If the 7.52 train from Aberdeen to London King's Cross were anything to go by, you would be almost oblivious to the fact that Christmas is almost upon us. Carriage C is barely half-full, and there is little by way of extra luggage to suggest people are carrying gifts for whomever it is they are off to see over the coming weekend. There is also, thankfully, an absence of excited, obnoxious, shrill children, though I fear there is time for that yet.
Looking out the window, the sun shines strongly in the bright, blue sky, bringing alive all the glorious colours of the Scottish countryside. If there is to be tempestuous weather, there is little evidence of it thus far- the few clouds there are resemble cotton wool balls, without even a hint darkness or foreboding.
As the train trundled over the Forth Bridge, I found myself admiring the feat of engineering that is the Queensferry Crossing, whilst acknowledging that it, like the Forth Road Bridge, would never be an icon in the way that the Forth (Rail) Bridge is. Even so, it isn't often, that we get to witness the building of a crossing of this size and scale in Scotland.
A little further on, we approach Edinburgh, possibly my favourite city, and I muse that we are passing through one capital city, on the way to another. This got me thinking. Other than living in Aberdeen, I've spent time in Dundee and Edinburgh this year.
Having previously lived in Edinburgh for six years, the place is as comforting and familiar to me as an old pair of slippers. Dundee on the other hand, was new to me, despite having travelled through it, by bus, car and train, countless times (and discounting a long forgotten brief visit to the University of Dundee in 1994). To my surprise, I found Dundee much to my liking- most certainly not the much maligned city many had led me to expect.
Dundee is similar to Glasgow in that there is an earthiness, a warmth to it, quite distinct from Aberdeen and Edinburgh, where the people can be a little aloof, bordering on arrogant. All four cities, Aberdeen, Dundee, Edinburgh and Glasgow, are unmistakably Scottish, which brings me nicely to my point.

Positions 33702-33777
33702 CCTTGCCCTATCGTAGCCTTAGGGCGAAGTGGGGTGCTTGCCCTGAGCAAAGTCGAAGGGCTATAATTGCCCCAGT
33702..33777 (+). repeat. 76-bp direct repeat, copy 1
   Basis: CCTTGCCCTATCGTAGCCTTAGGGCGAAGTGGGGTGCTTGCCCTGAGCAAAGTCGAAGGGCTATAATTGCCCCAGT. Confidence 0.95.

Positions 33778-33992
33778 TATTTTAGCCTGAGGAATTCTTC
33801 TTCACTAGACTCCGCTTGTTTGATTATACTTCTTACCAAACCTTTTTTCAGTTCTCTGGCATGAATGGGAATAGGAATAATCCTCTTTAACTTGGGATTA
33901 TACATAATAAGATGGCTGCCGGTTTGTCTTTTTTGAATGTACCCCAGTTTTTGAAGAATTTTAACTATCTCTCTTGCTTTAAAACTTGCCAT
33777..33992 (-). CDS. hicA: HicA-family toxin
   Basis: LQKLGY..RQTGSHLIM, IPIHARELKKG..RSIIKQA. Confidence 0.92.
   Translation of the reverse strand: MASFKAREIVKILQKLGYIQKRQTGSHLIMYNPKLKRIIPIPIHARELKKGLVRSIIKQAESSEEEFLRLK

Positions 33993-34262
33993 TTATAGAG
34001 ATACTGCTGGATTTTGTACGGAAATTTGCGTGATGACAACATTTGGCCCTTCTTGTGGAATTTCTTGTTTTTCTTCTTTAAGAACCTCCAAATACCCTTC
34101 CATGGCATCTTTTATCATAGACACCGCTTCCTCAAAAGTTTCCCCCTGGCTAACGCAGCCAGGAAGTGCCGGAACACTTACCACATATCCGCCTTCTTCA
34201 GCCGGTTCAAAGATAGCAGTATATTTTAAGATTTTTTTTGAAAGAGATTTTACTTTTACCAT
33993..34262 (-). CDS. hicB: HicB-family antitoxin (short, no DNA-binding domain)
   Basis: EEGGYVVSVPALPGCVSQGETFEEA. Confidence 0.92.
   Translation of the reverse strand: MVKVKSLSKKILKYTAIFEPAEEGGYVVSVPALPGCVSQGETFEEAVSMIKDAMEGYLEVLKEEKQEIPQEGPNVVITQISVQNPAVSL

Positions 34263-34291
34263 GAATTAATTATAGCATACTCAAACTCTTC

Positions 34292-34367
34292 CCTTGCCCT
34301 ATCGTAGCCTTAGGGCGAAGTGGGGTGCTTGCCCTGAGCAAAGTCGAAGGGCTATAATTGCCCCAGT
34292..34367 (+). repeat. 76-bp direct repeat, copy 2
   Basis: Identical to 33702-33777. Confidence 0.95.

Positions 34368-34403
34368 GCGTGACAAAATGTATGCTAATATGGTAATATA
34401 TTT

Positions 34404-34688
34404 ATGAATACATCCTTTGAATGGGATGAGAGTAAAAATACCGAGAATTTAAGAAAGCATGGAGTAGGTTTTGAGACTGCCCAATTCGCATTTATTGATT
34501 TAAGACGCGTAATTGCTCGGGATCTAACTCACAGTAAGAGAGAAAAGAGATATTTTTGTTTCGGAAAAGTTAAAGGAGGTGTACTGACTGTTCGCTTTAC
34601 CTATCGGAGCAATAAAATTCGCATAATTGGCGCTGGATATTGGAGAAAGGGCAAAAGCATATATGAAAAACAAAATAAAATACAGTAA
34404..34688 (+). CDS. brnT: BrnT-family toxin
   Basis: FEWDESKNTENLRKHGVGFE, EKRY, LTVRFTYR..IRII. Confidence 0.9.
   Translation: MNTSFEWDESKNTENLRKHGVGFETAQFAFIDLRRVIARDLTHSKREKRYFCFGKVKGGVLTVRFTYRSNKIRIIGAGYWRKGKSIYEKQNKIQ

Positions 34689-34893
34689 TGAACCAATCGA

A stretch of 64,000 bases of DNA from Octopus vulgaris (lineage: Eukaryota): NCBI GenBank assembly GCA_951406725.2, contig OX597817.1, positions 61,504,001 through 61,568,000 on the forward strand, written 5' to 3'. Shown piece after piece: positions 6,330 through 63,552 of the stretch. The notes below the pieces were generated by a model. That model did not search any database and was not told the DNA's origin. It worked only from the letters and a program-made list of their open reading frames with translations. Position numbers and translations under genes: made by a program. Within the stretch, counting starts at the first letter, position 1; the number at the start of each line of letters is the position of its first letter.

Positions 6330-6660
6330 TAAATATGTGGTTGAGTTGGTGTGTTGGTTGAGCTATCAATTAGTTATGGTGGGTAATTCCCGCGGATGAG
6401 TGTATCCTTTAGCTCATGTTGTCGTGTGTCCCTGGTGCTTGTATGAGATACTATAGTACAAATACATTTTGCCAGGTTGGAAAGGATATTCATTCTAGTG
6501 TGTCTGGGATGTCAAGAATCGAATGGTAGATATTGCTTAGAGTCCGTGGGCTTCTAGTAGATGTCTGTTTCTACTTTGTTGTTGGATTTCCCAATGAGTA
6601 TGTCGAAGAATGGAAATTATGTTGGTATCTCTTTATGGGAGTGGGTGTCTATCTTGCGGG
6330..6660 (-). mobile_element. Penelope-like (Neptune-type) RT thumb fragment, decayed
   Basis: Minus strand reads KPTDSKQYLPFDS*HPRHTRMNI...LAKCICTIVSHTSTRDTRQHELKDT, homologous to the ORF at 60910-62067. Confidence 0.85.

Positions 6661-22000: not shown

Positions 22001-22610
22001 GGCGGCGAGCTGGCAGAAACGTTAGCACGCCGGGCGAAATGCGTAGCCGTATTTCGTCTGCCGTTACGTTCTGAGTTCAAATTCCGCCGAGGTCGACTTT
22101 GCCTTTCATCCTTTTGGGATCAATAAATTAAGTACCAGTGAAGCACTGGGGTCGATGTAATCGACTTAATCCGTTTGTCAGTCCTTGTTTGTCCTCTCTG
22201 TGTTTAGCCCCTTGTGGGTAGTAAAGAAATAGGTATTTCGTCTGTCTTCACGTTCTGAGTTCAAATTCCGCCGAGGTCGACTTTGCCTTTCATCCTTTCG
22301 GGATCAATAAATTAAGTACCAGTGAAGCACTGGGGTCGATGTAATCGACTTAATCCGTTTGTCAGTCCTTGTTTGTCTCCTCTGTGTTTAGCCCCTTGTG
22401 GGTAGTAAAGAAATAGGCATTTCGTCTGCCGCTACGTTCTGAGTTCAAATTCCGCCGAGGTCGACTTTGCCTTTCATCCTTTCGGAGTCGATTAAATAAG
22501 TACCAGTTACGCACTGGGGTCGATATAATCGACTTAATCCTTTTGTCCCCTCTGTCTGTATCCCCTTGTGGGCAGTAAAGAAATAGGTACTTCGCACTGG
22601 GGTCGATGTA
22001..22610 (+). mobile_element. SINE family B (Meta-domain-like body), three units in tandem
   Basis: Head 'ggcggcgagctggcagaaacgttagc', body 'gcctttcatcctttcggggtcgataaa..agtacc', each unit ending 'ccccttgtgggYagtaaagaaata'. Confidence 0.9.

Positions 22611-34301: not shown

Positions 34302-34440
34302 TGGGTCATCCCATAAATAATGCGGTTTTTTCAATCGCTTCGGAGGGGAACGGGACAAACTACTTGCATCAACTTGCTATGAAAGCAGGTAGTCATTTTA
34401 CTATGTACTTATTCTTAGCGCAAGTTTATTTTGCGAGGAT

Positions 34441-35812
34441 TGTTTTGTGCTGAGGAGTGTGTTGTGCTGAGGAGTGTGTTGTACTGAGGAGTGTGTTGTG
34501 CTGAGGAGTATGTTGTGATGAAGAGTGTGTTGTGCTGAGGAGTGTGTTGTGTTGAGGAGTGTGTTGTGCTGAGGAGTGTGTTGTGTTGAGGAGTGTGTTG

In addition to these Scottish cities, this year, I've spent time in Amsterdam, Belfast, London and New York. And it must be said, I find London no less foreign than any of the others outwith Scotland. In fact, if anything, Amsterdam and especially Belfast seemed less alien to me. That it not to say that I don't love London, it's a great city. But it's an English city, and it is their capital and not ours.
I find myself wondering again, why it is we choose to be governed by and from the capital of another country. I struggle to think of another nation, broadly equivalent to Scotland, where this is the case.
How on earth is it that only Scotland, among small, Western nations, is uniquely too wee, too poor and too stupid to govern ourselves? Why is it that we think it better to leave our fate in the hands of the effete, inbred, imbecilic "elite" of another country. It makes no sense, less so by the day, with England's feeble imitation of Angela Merkel and her clueless "Carry On" Cabinet bound for a cliff edge, determined to take Scotland with them.